Ellen DeGeneres apologized to the staff of her daytime TV talk show amid an internal company investigation of complaints of a difficult and unfair workplace.
"On day one of our show, I told everyone in our first meeting that 'The Ellen DeGeneres Show' would be a place of happiness — no one would ever raise their voice, and everyone would be treated with respect," DeGeneres wrote. Something changed, she said, "and for that, I am sorry."
In a separate statement, the Warner Bros. studio said the investigation’s "primary findings" revealed what it called some flaws in the show’s daily management.
DeGeneres’ memo and the probe by the studio’s parent company followed a BuzzFeed News report in which one current and 10 former show employees complained about issues including being fired after taking medical or bereavement leave. One worker said she left because of comments about her race.
Most of the complaints were tied to executive producers and senior managers, BuzzFeed News said, but one ex-employee said DeGeneres need to take more responsibility for the work environment. The people making the allegations were not identified.
The complaints contrast sharply with the show’s upbeat tenor and DeGeneres’ own public demeanor and exhortations for people to be kind and caring.
In its statement, Warner Bros. said it and DeGeneres take the allegations about the show’s "workplace culture very seriously" and that its parent company is seeking to determine the validity of the publicly reported allegations and understand the show’s daily workings.
"As a result, WarnerMedia interviewed dozens of current and former employees about the environment at ‘The Ellen DeGeneres Show’ ... . And though not all of the allegations were corroborated, we are disappointed that the primary findings of the investigation indicated some deficiencies related to the show’s day-to-day management."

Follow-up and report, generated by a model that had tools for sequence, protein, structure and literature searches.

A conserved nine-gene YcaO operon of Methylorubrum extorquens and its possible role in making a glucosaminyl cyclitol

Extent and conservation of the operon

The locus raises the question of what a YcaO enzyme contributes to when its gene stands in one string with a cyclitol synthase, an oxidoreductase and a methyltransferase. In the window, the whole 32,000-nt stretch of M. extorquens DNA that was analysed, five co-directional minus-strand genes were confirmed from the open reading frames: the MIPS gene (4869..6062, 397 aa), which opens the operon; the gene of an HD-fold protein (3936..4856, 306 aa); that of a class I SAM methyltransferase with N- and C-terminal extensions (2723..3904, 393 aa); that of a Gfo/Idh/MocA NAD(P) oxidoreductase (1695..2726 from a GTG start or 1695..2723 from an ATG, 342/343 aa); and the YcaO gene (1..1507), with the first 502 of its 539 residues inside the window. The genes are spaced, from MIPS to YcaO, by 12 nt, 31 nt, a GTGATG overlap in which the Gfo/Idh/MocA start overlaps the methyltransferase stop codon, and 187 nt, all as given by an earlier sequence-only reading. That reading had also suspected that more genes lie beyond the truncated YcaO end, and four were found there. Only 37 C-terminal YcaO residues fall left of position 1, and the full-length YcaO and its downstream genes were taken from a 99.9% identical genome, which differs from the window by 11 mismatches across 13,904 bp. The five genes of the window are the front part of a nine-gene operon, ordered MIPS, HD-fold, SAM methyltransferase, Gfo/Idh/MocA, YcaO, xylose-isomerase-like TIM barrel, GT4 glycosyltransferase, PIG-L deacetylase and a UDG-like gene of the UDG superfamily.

Steps are being taken to make several staffing changes and implement other steps, the studio said, without citing specifics. The internal investigation was first reported by Variety.
DeGeneres wrote that she has "deep compassion" for people who are treated unfairly or disregarded. That comes from someone who has been judged for "who I am," said DeGeneres, who has detailed the price she paid for being openly gay.
"As we’ve grown exponentially, I’ve not been able to stay on top of everything and relied on others to do their jobs as they knew I’d want them done. Clearly some didn’t. That will now change and I’m committed to ensuring this does not happen again," she said in the memo.
"It’s been way too long, but we’re finally having conversations about fairness and justice," DeGeneres said, adding that she would push herself and others to "learn and grow."
She said the COVID-19 pandemic kept her from delivering her comments in person to staffers. She signed the message, "Stay safe and healthy" and "Love, Ellen."